IMAGE:  October 2002 GRAPHIC:  University of Chicago Magazine
 
OCTOBER 2002
Volume 95, Issue 1
 
 
   
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University responds to anti-Semitic incidents
The events of September 11 and the continuing violence in the Middle East have raised tensions everywhere, and the Chicago campus has been no exception. Late in spring quarter a group of undergraduate and graduate students met with members of the administration, including Margo Marshak, then vice president and dean of students in the University, and Deputy Dean William Michel, AB'92, to discuss a series of anti-Jewish incidents in and outside the classroom.

Those incidents-detailed in a July student press release that was picked up by several media outlets-included obscene graffiti scrawled on dorm posters for a pro-Zionist meeting, anti-Semitic comments shouted from a car near campus, and a joke about Auschwitz posted on a humanities department listserv. In addition, there were allegations that a graduate student had refused to serve as adviser on a B.A. paper about Zionism, and that some professors had used their classrooms as an anti-Israel pulpit and graded students based on their political beliefs. It was also reported that in the aftermath of September 11, University President Don M. Randel had told the student press that the institution had a "zero tolerance" policy on discrimination against Muslims, with no mention of a similar policy on anti-Semitism.

In fact, as quoted in the September 28, 2001, Chicago Maroon, President Randel instead had assured the vice president of the Muslim Student Association that the University had "zero tolerance for discrimination" of any sort, against any group.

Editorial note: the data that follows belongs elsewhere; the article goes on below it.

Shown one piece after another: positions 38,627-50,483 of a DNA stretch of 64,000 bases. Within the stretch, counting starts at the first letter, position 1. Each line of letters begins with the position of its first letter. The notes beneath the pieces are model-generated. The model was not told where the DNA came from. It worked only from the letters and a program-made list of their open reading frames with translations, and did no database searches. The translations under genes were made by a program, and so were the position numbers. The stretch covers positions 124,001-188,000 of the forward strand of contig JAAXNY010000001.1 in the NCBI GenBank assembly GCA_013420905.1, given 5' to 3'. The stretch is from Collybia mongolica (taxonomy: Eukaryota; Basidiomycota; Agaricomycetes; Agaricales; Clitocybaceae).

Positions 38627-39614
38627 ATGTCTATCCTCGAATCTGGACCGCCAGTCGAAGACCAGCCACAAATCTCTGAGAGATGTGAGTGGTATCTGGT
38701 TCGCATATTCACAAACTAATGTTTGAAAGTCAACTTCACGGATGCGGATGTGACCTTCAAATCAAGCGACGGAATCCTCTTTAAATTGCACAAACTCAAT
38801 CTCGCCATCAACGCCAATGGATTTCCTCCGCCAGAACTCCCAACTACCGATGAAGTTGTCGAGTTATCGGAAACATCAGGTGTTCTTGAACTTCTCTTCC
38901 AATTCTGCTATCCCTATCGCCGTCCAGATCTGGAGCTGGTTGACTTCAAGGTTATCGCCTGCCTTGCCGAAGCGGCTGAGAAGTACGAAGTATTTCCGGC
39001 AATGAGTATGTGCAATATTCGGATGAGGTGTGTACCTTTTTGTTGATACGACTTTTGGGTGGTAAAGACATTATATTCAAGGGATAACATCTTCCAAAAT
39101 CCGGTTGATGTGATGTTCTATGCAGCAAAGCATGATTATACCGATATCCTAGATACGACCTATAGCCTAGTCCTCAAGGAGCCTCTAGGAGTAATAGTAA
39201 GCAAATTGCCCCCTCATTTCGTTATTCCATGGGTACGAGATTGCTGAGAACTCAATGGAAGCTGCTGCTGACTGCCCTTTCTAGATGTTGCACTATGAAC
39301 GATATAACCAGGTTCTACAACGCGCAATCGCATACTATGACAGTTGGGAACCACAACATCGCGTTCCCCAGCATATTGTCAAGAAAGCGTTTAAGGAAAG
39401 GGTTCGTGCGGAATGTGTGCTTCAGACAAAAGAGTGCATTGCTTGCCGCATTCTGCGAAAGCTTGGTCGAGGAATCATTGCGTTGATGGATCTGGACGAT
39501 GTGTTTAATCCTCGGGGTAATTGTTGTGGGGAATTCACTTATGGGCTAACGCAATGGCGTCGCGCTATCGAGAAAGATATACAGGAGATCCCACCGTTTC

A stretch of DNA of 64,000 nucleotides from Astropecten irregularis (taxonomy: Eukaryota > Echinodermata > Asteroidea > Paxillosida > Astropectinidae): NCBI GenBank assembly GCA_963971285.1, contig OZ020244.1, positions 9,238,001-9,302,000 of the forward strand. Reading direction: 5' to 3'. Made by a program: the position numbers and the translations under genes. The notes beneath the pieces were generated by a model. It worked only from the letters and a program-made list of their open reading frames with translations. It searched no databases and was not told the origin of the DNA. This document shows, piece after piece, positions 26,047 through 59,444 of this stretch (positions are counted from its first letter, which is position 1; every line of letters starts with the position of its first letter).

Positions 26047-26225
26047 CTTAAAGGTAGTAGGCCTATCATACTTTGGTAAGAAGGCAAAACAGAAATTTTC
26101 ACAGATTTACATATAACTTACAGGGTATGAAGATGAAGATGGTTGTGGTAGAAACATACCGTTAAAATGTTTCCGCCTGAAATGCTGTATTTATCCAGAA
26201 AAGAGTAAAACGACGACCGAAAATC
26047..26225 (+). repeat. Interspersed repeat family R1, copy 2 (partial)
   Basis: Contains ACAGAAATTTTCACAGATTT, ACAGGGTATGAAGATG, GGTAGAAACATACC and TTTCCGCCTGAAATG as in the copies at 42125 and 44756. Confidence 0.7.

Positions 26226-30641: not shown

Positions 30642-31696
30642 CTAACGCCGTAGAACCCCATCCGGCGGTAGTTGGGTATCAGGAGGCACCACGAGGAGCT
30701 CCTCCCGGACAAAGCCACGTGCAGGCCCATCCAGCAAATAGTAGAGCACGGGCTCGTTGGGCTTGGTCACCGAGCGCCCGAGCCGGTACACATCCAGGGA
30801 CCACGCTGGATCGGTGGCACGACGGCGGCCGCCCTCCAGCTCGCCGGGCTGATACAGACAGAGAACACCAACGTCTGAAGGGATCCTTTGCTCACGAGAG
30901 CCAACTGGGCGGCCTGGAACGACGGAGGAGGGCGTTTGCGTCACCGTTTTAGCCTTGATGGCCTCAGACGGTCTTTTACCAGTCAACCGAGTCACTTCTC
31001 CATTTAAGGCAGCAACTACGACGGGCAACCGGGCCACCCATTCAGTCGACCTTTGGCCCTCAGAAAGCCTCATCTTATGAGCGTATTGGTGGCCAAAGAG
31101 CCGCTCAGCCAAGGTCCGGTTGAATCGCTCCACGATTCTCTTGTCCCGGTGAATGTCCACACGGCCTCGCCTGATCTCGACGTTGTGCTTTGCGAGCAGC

Meanwhile, an investigation of the academic charges found that the graduate student's reluctance to advise on the B.A. paper had to do with a lack of expertise rather than political views, and to the undergraduate's satisfaction, a professor had quickly stepped in as adviser. Investigating charges of classroom bias, the provost's office found no grounds for action.

Although the "joke" on the listserv, about which several students complained, was determined to be protected speech, the list was split into two, with opinion mandated to be separate from official discussions. An investigation of the dorm graffiti determined that the floor's housing staff did not take sufficiently strong steps to address it. In response, this autumn the University sent a letter to all housing-system residents to remind them that such behavior is inappropriate and unacceptable.

The letter was one of many actions that the University will take over the coming year to reinforce its commitment to free speech in an atmosphere of civility and tolerance, Provost Richard Saller says. This September's Orientation Week programming included a mock trial staged in Mandel Hall, after which first-years gathered in small "juries" to decide whether a student organization had the right to sponsor an on-campus teach-in by the leader of a hate group. The students then divided into small, faculty- or staff-led discussion groups, reconvening to hear the judges' decision.

In addition, administrators have consulted Rabbi David M. Rosenberg, director of the University's Newberger Hillel Center, and the Anti-Defamation League about how best to respond to the complaints; during autumn quarter the faculty governing bodies will discuss the appropriate boundaries of free speech. Any further incidents will be investigated immediately, Saller says, with a concerted effort made to ensure that students have a clear understanding of both the seriousness with which the University addresses such issues and the grievance procedure.

In all of these activities, notes Saller, the University will negotiate a long-standing and delicate balance between its desire to "create an arena for free exchange of ideas" and its commitment to providing an atmosphere in which individuals feel safe and free from intimidation. "While we sometimes treat ideas here rather roughly," Saller says, "we strive to treat others with the civility we would like to receive ourselves." (For more from President Randal, see From the President.) - Mary Ruth Yoe

 


 

 

 


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